Two new studies demonstrating the potential of Merck’s Keytruda (pembrolizumab) as a first-line treatment for metastatic non-small cell lung cancer will be presented at the European Society for Medical Oncology (ESMO) 2016 in Denmark.
The injectable drug is a humanized monoclonal antibody that amps up the body’s immune system so that it can detect and fight tumor cells by blocking a protein called PD-1.
The first study, known as KEYNOTE-024, evaluated 305 patients who were previously untreated and whose tumors expressed high levels of PD-L1. The findings were published in The New England Journal of Medicine.
About half of participants were randomly assigned to receive a 200 mg dose of Keytruda every three weeks, while the other half received four to six cycles of chemotherapy. Those taking the immuno-oncology medicine saw a 50 percent reduction in the risk of disease progression or death and a 40 percent reduction in risk of death compared to platinum-based chemotherapy regimens, the current standard of care, according to the company.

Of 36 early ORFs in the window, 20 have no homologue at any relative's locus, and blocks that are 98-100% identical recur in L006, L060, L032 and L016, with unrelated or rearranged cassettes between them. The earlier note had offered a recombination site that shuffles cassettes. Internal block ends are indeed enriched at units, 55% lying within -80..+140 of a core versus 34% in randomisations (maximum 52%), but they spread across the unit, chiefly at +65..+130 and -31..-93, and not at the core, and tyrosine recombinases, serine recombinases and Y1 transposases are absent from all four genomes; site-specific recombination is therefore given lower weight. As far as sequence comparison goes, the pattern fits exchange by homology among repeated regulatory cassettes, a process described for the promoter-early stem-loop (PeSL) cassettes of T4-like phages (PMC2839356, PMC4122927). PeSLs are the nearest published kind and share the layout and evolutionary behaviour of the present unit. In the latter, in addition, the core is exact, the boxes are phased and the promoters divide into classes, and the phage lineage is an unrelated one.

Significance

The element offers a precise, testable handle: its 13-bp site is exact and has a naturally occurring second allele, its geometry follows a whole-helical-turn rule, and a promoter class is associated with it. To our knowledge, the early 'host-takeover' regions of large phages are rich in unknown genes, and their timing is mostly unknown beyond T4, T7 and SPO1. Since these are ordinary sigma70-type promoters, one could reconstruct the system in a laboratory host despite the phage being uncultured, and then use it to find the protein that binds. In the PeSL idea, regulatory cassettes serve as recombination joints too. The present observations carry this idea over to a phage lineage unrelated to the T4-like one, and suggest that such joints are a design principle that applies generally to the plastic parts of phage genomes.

Two of the most common side effects were diarrhea, and fatigue. According to the release there was one treatment related death in a patient receiving Keytruda, but the cause was unknown.
“These data from KEYNOTE-024 demonstrate the potential of Keytruda to change the way non-small cell lung cancer is currently treated,” lead author Dr. Martin Reck, head of the thoracic oncology department at the LugenClinic in Germany said in a statement. “This provides additional evidence that testing for PD-L1 levels should become standard in lung cancer at first diagnosis to guide treatment decisions.”
The second study, known as KEYNOTE-021, was published in The Lancet Oncology, and enrolled 123 patients regardless of PD-L1 expression of their tumors. Findings show that Keytruda, in combination with chemotherapy, works better than chemotherapy alone, and reduced the risk of disease progression or death by 47 percent.
The U.S. Food and Drug Administration had previously granted the drug Breakthrough Therapy Designation and approved it for treatment of patients with advanced non-small cell lung cancer who had already undergone chemotherapy.